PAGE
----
The teenage years are a challenging time for adolescents even in a best case environment. New research now finds that teens exposed to difficult family situations have an increased risk of being bullied and for developing depression.
However, there is hope as researchers from the University of Cambridge discovered strong friendships and family support can reduce these risks.
Adolescence is a key time in an individual’s development and is a period where some teenagers begin to show signs of major depression, especially if the teen experiences family adversity. Adversity may occur in a variety of formats including poor parenting and lack of affection, emotional, physical or sexual abuse, family financial problems or the loss of a family member.
Another major risk factor for depression is bullying by peers — and the combined experience of childhood family adversity and peer bullying is associated with increased severity of depression symptoms.
In the past, studies have suggested that friendships and supportive family environments may help protect adolescents from depression if they have experienced peer bullying and childhood family adversity.
However, no study has simultaneously examined the complex interplay of early life adversity, bullying, family support, and friendships on later adolescent depression. To address this real-world scenario, researchers at the Department of Psychiatry studied almost 800 teenagers (322 boys and 449 girls).
Investigators used mathematical modelling to examine the impact of friendships and family support at age 14 on depressive symptoms at age 17 in adolescents who had previously experienced childhood family adversity and primary school bullying.
“Teenage years can be difficult for everyone, but we found that this is particularly the case for those teens who have had a difficult family environment,” explains Dr Anne-Laura van Harmelen, the study’s first author.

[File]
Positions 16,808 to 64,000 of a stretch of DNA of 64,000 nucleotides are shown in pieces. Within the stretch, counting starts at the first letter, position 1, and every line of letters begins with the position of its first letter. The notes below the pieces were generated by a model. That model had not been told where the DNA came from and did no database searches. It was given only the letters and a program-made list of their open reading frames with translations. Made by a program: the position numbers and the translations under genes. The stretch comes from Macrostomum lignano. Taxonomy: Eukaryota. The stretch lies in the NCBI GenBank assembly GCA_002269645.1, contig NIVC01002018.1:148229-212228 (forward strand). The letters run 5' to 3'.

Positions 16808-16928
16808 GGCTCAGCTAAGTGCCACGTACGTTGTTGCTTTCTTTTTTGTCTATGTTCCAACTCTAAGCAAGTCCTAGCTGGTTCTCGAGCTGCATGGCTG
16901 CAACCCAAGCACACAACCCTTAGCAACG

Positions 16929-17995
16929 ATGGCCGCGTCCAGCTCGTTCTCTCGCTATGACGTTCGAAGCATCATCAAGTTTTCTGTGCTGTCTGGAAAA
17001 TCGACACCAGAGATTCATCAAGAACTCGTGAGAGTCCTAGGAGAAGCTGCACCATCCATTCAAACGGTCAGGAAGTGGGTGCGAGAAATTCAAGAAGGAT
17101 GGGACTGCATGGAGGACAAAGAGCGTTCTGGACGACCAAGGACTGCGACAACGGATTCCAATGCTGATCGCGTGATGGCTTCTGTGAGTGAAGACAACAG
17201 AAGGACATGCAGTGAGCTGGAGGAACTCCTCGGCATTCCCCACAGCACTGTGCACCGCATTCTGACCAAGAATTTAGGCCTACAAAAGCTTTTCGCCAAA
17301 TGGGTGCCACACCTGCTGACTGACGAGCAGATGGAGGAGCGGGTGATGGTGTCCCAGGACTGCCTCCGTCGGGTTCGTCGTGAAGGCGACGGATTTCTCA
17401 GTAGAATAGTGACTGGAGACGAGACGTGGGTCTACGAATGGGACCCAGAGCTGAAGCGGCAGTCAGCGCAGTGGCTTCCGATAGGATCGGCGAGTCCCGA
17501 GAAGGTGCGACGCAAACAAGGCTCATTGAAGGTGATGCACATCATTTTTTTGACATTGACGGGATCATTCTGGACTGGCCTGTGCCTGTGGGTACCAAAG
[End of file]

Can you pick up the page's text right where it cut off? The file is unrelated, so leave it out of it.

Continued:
“Adolescents who had experienced negative family environments are more likely to be bullied at school, and less likely to receive family support in adolescence. We also found that children who were bullied in primary school were less likely to have supportive friendships in adolescence.
“In fact, we found a strong relationship between having a negative family environment and being bullied at primary school. This puts teens at a double disadvantage and means they are more likely to experience more severe symptoms of depression in their late teens.”
A teens response to this stress was found to vary by gender. For example, boys who had been bullied were less likely than girls to develop strong friendships in adolescence. Researchers believe this may occur because boys experienced more severe bullying or were more sensitive to bullying.
Significantly, the researchers also found that supportive family or friends in early adolescence could help reduce depressive symptoms in later teenage years. Although it is not clear from the results on how social support influences later life mental health, the researchers believe teen support has long-term benefits.
Investigators believe supportive friends and family environments may help enhance children’s ability to cope with adverse situations by improving their self-esteem and offering stress-relief and through helping them develop effective interpersonal skills.
“Our work really shows how important it is that children and teenagers have strong support from their family and friends, particularly if their childhood has been a difficult one,” adds Professor Ian Goodyer, senior author.
“It also suggests a role for interventions such as helping parents in at-risk families develop their parenting and support skills or helping bullied teens build their confidence and social skills to help find and maintain friendships.”
The study appears in the open access journal PLOS ONE.